Rock n Rolla
Ash Akhtar 29/08/2008
Sex, thugs and rock n roll…
Guy Ritchie is back to revive his career with a film about a dead, junkie rock n' roll star (who is alive) hiding from the public to boost record sales and his evil step dad gangster with a penchant for torturing people with crayfish. Add some indestructible, Russian gangsters, a splash of homophobic humour, a crooked accountant and you've got the convoluted outline to the plot of Rock n Rolla. Ritchie attempts to link all strands of the story together with a Pulp Fiction-esque golden thread: in this case a 'lucky' painting that we never see. Deep stuff indeed!
Rock n Rolla introduces the characters with animation sequences and narration (sound familiar?), though the use of these methods is nowhere near as clever or exciting as Lock, Stock and Two Smoking Barrels or even Snatch; and that almost serves to sum up this entire film.
But let's talk characters - after all, this is where Ritchie excels. The usually superb Toby Kebbel (Johnny Quid) emulates Nick Moran's character in Lock, Stock and Two Smoking Barrels with a dash of junkie chic, delivering his lines with measured, stunted delivery.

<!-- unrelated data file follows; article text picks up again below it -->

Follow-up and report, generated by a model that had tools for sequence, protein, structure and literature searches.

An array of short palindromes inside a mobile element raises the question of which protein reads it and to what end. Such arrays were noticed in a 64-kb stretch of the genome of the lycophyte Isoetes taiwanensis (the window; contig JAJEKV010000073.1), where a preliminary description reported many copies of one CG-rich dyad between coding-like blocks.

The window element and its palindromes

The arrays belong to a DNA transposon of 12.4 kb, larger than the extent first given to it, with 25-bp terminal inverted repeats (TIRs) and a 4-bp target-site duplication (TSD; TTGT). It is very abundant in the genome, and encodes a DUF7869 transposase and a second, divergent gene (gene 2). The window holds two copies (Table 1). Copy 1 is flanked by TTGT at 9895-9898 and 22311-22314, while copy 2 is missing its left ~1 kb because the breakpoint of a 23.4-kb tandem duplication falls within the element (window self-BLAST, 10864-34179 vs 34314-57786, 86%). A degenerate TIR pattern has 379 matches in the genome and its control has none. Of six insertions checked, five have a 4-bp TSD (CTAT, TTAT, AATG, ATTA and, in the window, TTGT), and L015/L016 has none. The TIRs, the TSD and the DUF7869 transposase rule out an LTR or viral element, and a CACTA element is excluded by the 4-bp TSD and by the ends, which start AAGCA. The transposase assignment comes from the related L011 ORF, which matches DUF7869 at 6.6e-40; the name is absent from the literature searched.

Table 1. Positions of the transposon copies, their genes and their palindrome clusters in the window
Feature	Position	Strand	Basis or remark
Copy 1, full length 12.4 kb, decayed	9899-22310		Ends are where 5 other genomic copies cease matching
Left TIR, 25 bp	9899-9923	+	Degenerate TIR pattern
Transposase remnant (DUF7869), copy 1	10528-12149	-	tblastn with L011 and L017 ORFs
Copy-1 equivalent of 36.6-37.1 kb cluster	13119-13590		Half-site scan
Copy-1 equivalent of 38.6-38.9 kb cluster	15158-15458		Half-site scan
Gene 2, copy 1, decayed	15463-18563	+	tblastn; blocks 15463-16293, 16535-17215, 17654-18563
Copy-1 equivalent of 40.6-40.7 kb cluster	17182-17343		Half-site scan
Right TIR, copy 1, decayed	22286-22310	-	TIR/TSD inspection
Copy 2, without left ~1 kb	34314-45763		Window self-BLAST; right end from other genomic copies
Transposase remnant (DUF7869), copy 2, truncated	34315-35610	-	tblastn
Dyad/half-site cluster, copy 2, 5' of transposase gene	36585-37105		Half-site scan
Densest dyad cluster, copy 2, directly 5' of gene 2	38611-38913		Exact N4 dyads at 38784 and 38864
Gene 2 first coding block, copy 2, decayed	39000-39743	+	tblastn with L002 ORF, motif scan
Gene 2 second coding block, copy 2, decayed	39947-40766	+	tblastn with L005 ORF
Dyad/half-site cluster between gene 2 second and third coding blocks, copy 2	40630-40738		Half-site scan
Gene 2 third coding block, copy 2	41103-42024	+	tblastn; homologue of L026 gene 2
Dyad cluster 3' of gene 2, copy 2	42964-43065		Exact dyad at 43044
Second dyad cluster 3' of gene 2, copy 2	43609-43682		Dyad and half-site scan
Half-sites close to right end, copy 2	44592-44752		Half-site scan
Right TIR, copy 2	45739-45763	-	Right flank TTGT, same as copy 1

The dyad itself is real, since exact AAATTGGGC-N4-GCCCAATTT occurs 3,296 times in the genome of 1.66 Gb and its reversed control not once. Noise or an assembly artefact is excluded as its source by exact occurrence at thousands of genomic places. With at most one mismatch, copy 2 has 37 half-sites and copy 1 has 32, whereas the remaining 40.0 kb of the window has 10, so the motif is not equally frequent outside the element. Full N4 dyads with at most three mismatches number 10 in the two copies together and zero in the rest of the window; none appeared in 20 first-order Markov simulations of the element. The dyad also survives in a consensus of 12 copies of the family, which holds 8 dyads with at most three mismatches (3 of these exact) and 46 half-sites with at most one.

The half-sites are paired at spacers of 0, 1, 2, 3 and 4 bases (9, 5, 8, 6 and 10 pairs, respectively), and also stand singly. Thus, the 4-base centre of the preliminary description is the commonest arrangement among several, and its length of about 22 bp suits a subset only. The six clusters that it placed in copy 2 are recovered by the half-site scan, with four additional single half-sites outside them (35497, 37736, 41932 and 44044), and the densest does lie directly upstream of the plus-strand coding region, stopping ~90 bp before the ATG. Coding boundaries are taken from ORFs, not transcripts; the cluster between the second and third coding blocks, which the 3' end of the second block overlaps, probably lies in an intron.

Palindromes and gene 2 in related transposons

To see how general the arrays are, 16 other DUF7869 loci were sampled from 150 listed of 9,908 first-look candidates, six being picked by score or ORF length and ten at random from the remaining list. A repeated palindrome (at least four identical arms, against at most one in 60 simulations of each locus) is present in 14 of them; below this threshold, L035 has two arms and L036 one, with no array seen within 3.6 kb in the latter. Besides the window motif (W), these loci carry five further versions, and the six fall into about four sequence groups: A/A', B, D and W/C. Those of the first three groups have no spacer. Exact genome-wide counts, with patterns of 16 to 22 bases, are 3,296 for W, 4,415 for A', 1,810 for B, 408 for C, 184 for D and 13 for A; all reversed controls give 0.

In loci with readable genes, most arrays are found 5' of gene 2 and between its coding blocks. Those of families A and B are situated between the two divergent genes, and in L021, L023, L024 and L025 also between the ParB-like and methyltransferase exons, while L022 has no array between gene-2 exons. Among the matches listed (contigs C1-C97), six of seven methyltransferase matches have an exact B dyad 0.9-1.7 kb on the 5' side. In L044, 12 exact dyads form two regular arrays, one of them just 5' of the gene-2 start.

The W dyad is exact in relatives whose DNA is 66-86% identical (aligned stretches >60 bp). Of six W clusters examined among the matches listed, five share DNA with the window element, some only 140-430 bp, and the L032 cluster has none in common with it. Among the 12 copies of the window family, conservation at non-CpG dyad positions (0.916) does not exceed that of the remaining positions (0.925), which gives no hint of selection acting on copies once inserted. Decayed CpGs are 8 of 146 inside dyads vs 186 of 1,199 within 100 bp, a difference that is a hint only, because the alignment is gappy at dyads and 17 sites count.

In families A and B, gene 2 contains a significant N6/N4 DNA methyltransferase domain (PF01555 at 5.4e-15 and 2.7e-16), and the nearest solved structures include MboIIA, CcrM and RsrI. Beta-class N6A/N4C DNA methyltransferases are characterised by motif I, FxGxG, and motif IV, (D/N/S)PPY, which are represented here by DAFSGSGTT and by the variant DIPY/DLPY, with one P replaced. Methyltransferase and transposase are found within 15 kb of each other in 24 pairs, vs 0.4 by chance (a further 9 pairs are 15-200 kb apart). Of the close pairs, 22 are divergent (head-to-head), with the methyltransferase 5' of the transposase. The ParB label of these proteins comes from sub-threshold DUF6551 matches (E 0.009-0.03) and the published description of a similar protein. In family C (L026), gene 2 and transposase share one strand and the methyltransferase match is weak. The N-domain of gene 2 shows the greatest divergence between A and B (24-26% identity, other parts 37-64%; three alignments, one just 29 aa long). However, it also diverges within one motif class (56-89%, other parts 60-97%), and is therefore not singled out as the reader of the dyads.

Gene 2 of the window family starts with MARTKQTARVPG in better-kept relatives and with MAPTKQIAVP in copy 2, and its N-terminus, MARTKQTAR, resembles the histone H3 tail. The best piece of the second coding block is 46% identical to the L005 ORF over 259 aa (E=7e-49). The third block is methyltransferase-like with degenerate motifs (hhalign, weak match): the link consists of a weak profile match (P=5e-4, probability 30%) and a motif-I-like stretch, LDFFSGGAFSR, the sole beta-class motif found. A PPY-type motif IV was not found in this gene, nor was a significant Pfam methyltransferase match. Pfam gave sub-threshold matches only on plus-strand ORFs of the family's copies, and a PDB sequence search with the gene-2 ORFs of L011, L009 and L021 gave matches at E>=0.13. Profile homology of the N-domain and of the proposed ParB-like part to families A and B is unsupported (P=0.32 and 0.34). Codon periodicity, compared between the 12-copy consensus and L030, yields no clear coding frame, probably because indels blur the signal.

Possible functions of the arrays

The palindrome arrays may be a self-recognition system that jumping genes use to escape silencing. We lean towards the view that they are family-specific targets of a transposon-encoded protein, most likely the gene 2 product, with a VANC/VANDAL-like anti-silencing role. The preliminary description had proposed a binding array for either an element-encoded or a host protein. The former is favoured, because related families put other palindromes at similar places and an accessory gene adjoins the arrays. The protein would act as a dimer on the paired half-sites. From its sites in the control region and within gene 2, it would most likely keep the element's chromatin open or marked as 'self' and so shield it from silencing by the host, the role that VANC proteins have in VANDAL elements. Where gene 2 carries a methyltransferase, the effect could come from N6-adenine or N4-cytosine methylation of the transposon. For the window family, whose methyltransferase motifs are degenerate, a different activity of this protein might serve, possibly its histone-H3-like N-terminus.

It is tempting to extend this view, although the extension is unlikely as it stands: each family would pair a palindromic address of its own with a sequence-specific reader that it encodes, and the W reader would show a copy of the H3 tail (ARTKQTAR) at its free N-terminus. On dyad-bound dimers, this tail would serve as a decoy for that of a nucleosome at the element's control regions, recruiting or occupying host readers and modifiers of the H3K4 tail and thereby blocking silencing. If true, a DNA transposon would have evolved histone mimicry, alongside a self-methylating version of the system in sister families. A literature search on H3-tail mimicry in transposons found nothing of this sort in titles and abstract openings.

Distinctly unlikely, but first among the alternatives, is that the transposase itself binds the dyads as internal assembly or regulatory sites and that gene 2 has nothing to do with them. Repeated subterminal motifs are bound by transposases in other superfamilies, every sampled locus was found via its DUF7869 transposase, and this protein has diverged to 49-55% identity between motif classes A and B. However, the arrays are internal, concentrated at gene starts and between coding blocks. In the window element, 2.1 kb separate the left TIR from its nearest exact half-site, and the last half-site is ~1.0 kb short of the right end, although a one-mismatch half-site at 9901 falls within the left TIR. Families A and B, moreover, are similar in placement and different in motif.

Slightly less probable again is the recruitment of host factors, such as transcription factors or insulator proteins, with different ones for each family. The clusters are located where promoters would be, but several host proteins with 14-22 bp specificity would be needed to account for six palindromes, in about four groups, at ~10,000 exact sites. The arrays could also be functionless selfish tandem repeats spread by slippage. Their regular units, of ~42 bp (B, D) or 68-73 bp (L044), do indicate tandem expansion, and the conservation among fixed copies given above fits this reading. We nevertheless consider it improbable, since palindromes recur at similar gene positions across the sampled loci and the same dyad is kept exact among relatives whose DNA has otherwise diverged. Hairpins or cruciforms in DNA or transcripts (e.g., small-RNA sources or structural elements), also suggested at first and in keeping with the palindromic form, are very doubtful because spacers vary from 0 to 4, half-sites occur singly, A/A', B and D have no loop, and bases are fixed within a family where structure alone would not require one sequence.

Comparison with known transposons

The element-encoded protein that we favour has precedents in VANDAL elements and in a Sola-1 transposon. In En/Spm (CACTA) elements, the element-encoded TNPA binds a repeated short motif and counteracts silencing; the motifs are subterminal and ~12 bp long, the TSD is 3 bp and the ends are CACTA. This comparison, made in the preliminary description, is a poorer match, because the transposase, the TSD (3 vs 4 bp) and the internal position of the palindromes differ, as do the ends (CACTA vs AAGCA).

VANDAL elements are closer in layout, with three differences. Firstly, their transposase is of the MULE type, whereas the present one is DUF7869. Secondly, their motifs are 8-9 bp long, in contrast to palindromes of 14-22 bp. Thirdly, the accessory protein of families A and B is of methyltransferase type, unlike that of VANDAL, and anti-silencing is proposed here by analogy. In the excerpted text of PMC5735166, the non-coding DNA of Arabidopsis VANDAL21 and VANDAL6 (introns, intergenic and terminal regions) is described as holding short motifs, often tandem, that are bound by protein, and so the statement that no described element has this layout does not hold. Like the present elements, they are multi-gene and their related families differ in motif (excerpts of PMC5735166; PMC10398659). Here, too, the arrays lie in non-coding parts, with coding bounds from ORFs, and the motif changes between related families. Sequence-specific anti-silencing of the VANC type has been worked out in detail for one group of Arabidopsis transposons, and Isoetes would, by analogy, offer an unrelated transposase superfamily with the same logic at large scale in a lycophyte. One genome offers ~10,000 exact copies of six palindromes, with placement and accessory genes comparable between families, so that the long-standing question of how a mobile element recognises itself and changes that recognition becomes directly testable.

Is this because Ritchie is incapable of coaxing any other performance from an actor, or are his scripts so one-dimensional that it is impossible for an actor to release themselves from the written constraints?
Whatever the reason, most of the performances here, by superb actors, are typical wide-boy caricatures that you've seen before. Unfortunately, whereas we felt for Ritchie's previous characters, there is nothing endearing whatsoever about any of the characters on show here. Kebbel's Quid, like most of the characters in Rock n Rolla, is morally stilted and gratuitously violent, and yet you fear none of them.
The dialogue lacks spark, occasionally dissolving into slapstick, providing some brief moments of humour. It's not all bad; rapper Ludacris (Chris Bridges) turns in a good performance and there are flashes of Ritchie's previous brilliance. Sadly, the rest of the package sours these flashes. And as any fan of Lock, Stock knows - 'If the milk turns out to be sour, I 'aint the type of pussy to drink it'.